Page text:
- East Africa
Al Qaeda extends Somali network warns Christians Ethiopians
Al Shebab and Kamboni mujahideen extremists have joined forces with Al-Qaeda after concluding an alliance. Having already caused the deaths of several thousands of Somalis of all denominations, they have announced their intention to target the country’s Christian minority and Ethiopians.
Two bloody Islamist movements in Somalia have agreed to join forces with Al-Qaeda, an international terrorist organization. Last Friday, Al Shebab, an extremist movement that has been most active around Mogadishu, announced its alliance with the Kamboni mujahideen militia based in Kismayo, a port town south of the country. The two groups agreed to swear allegiance to Al Qaeda.
In a statement released Friday, they revealed that their objective is to combat the Christian minority in Somalia. "We have agreed to join the international jihad of al Qaeda ... We have also agreed to unite al Shabaab and Kamboni mujahideen to liberate the Eastern and Horn of Africa community who are under the feet of minority Christians," the statement read.
Christians in Somalia are very few. Most of them are attached to the Ethiopian Orthodox Church, while a few hundred Catholics worship in one single diocese located in Mogadishu. The alliance could see Al Shabaab and Kamboni extending their attacks to hit Ethiopian troops, who intervened in late 2006 in Somalia.
"We have united to revive the military strength, economy and politics of our mujahideen to stop the war created by the colonisers, and to prevent the attacks of the Christians who invaded our country." Experts have said by "Christians", the extremists are referring to Ethiopia.
Also under the renewed threat are the Ugandan and Burundian soldiers of the African Union peacekeeping force (Amisom) in Mogadishu.
Al Shabaab is believed to hobour some 5,000 men. In recent weeks, the militia has claimed responsibility for several deadly attacks in the region of Mogadishu. The new alliance with Kamboni mujahideen is expected to increase its active members by hundreds of new fighters.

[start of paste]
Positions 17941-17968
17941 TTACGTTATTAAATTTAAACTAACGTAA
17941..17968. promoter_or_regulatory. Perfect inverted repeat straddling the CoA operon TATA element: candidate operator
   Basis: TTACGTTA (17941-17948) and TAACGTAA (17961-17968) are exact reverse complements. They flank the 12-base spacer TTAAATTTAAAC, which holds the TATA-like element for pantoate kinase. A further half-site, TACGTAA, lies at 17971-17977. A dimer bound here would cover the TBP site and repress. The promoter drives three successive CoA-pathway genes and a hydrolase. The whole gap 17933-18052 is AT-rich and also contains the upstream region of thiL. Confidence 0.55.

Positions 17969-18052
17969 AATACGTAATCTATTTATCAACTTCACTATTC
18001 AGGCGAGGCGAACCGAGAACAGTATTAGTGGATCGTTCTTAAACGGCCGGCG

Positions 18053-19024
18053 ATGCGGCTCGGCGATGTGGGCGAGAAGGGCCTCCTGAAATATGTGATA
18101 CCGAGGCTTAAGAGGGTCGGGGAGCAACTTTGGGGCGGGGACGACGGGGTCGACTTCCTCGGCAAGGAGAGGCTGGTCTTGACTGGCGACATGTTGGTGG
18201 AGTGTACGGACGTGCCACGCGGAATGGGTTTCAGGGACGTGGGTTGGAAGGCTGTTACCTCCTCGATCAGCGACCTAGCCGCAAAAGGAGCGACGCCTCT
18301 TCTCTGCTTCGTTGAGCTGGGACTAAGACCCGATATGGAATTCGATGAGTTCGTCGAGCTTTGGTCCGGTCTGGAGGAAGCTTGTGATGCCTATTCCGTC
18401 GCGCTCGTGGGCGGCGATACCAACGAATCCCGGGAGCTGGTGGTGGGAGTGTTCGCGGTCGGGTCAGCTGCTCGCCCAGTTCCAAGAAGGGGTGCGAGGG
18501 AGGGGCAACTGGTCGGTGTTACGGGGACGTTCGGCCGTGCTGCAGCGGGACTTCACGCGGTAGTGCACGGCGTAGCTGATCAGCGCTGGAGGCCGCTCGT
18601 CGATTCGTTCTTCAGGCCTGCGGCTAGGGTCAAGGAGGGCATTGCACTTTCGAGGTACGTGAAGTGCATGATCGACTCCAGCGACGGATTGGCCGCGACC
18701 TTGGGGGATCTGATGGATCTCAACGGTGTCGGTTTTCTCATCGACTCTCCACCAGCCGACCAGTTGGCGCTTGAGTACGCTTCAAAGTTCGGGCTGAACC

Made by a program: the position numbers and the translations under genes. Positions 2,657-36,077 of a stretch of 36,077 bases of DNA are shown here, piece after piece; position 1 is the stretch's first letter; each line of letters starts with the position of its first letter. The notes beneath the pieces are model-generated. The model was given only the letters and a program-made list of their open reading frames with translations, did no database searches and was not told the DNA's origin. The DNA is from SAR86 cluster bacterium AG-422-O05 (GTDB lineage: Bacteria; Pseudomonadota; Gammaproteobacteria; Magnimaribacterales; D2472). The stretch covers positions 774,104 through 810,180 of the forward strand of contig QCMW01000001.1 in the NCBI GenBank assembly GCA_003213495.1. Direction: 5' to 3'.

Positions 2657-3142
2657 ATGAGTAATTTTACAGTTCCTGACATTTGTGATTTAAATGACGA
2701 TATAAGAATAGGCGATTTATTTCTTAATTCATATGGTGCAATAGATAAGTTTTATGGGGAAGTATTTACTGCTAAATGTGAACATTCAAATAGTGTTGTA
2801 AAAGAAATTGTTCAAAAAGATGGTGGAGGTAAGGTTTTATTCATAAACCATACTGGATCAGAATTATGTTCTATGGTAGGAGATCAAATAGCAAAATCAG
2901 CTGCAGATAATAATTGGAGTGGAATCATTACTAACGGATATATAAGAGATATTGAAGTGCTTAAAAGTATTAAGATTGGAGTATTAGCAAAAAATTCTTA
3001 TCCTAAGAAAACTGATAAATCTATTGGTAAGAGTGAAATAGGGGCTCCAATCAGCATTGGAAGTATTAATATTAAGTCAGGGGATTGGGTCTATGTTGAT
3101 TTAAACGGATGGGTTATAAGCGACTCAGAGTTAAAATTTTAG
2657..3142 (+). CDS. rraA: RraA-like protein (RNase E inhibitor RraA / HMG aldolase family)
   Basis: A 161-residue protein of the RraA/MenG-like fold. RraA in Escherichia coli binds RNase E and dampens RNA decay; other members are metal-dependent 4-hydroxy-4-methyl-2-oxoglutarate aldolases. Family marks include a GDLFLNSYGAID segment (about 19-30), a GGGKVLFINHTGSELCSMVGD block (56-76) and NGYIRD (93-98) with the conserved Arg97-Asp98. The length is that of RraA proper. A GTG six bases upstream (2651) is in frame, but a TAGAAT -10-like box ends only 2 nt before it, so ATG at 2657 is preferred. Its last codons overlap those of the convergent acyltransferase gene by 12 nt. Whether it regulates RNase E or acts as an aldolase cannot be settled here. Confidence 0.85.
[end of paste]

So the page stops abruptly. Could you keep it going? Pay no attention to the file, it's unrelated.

A country ruined by war
Now viewed as a bankrupt country, Somalia has had no stable government for twenty years and has become a breeding ground for deadly clashes among several war lords. Each day is marked by a trail of blood and remains of charred human flesh. Some 16 people were killed and 70 wounded in Mogadishu Sunday night. In the past three years alone, at least 21 000 people have lost their lives, while one and half million others have been displaced.
The government of Sheikh Sharif Ahmed, former Islamic Courts leader and elected president in December 2008, hopes for increased African Union military presence. Consisting of 5,000 Ugandan and Burundian troops, the peace keeping force of the AU in Somalia is both under-equipped and inefficient. The state of Djibouti announced last Thursday to send 450 soldiers.
But on Sunday, Sheikh Ali Mohamud Rage, al Shabaab spokesman threatened Djibouti of "bad consequences" if they send their "troops here" despite Kenyan and Sudanese backing. Observers have reason to believe that the blood thirsty extremist group is increasing its grip in the eastern African nation. A potential risk to the whole sub-region.
In recent years, the US has expressed concerns over Somalia becoming one of the most Al Qaeda friendly territories in Africa. A concern that does not seem to unduly bother the warlords who continue to drench the country in blood and shards of flesh.